Dollar firms as banking crisis worries fade


The U.S. dollar was a tad higher on Thursday as receding concerns over the banking sector bolstered risk sentiment and investors switched their attention to the Federal Reserve’s battle against inflation.

The dollar index, which measures the currency against six major peers, rose 0.019% to 102.65, after gaining 0.19% overnight. The index was on course, however, to clock a 2% decline for March due to market tumult over problems in the banking industry.

“The broader risk sentiment appears sustained as bank contagion concerns continued to fade and a rally in China equities grabs some attention,” said Christopher Wong, a currency strategist at OCBC in Singapore.

Asian equities got a boost from Alibaba (NYSE:BABA) this week after the tech behemoth announced plans on Tuesday to split into six units, which investors have taken as a signal that Beijing’s regulatory crackdown on corporations is ending.

“While risk sentiment somewhat continued to hold up this week, we expect month-end flows alongside risk-on, risk-off flows to drive two-way trade,” Wong said.

Banking stocks were battered in the past few weeks in the wake of the sudden collapse of two U.S. lenders and the rescue of Credit Suisse, with the dollar under pressure from the possibility that the Fed may have to relent in its fight against inflation and pause rate hikes.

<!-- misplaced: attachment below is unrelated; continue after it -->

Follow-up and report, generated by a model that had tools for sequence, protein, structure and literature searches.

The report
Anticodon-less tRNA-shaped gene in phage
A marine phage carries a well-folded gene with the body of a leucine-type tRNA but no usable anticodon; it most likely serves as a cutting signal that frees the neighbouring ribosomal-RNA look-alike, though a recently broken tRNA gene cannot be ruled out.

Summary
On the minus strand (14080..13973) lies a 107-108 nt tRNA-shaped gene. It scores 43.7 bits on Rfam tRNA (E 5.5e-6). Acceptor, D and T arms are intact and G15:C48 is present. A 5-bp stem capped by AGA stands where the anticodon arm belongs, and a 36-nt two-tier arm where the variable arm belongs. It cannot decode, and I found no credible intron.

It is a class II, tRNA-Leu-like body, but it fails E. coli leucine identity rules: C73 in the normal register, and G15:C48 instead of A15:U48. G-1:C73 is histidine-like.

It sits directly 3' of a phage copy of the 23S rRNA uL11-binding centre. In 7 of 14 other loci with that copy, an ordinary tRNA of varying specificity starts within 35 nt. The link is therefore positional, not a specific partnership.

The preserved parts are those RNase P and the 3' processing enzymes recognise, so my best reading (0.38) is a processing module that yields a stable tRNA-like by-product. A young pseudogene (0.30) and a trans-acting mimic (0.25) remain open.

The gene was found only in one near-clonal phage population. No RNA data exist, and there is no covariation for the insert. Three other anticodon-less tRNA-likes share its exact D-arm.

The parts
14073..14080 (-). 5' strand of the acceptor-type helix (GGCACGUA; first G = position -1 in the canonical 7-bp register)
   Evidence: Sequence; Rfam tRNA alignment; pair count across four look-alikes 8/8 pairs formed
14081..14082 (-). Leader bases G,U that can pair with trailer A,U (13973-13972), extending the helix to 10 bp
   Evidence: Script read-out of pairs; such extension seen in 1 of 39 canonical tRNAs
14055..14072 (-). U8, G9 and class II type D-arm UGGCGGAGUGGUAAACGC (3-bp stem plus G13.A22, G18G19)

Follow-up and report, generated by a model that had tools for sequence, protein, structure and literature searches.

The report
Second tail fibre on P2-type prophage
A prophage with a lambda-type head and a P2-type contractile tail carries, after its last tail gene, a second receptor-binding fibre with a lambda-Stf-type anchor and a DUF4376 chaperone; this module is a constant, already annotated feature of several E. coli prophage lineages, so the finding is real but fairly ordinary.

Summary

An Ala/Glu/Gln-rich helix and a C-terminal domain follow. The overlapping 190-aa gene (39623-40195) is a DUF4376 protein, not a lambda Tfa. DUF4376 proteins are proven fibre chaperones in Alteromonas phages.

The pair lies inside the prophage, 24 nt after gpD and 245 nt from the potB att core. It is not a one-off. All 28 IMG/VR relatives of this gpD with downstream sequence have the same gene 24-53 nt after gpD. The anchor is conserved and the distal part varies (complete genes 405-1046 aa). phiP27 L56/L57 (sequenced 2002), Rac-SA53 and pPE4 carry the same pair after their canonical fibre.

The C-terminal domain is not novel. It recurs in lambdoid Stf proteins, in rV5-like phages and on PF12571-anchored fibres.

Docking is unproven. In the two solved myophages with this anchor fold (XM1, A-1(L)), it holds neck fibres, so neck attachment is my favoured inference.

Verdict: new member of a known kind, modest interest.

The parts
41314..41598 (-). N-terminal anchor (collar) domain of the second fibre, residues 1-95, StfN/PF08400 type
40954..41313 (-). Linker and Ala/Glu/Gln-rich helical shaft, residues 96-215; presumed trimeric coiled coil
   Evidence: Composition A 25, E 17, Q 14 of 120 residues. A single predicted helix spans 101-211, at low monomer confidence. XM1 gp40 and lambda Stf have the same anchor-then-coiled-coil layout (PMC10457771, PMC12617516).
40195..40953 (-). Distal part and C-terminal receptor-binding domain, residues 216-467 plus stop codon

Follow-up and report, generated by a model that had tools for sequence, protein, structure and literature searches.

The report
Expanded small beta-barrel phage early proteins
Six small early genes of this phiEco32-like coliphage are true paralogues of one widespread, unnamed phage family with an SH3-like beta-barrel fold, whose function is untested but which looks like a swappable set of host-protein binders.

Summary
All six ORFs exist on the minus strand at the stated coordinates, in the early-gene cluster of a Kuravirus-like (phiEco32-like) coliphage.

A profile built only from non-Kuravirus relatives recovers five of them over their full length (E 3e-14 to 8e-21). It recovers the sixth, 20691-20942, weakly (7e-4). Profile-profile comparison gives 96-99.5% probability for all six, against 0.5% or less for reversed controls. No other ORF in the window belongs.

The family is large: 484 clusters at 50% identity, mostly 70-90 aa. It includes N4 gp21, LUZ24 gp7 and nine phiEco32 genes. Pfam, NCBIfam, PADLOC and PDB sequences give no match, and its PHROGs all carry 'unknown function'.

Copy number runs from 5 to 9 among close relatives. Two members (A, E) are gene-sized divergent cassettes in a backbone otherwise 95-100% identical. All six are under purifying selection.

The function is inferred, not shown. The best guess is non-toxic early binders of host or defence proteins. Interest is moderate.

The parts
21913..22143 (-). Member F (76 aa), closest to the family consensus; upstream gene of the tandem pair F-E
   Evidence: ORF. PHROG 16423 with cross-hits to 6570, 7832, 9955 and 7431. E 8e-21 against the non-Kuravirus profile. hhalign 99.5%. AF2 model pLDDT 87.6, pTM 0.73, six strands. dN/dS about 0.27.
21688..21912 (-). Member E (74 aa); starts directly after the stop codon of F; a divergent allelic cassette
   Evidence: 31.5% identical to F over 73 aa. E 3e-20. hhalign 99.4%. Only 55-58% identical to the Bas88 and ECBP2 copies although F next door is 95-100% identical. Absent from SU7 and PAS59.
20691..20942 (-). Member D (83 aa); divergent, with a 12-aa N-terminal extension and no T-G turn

But with no further signs of cracks in the financial sector and after steps taken by regulators, investor nerves have been calmed for now. Their focus has switched back to what the Fed is likely to do at its next meeting in May.

Markets are pricing in a 60% chance of the Fed standing pat on interest rates, according to the CME FedWatch tool, with investors expecting rate cuts towards the end of the year.

Data on personal consumption expenditures due on Friday will provide further clues on inflationary pressures.

“With recession fears fading off, the market’s focus is now turning to the upcoming U.S. PCE data later this week, which is seen as the Fed’s favourite inflation parameter,” said Tina Teng, an analyst with CMC Markets.

The euro was down 0.04% at $1.0839, but was on track to end the month with a 2% gain. Sterling was flat at at $1.2311, after slipping 0.2% on Wednesday.

The Japanese yen strengthened 0.23% to 132.57 per dollar, after falling 1.5% overnight. The currency has been volatile in the run-up to the end of the Japanese fiscal year on Friday.

The Australian dollar rose 0.06% to $0.669, while the kiwi fell 0.10% to $0.622.


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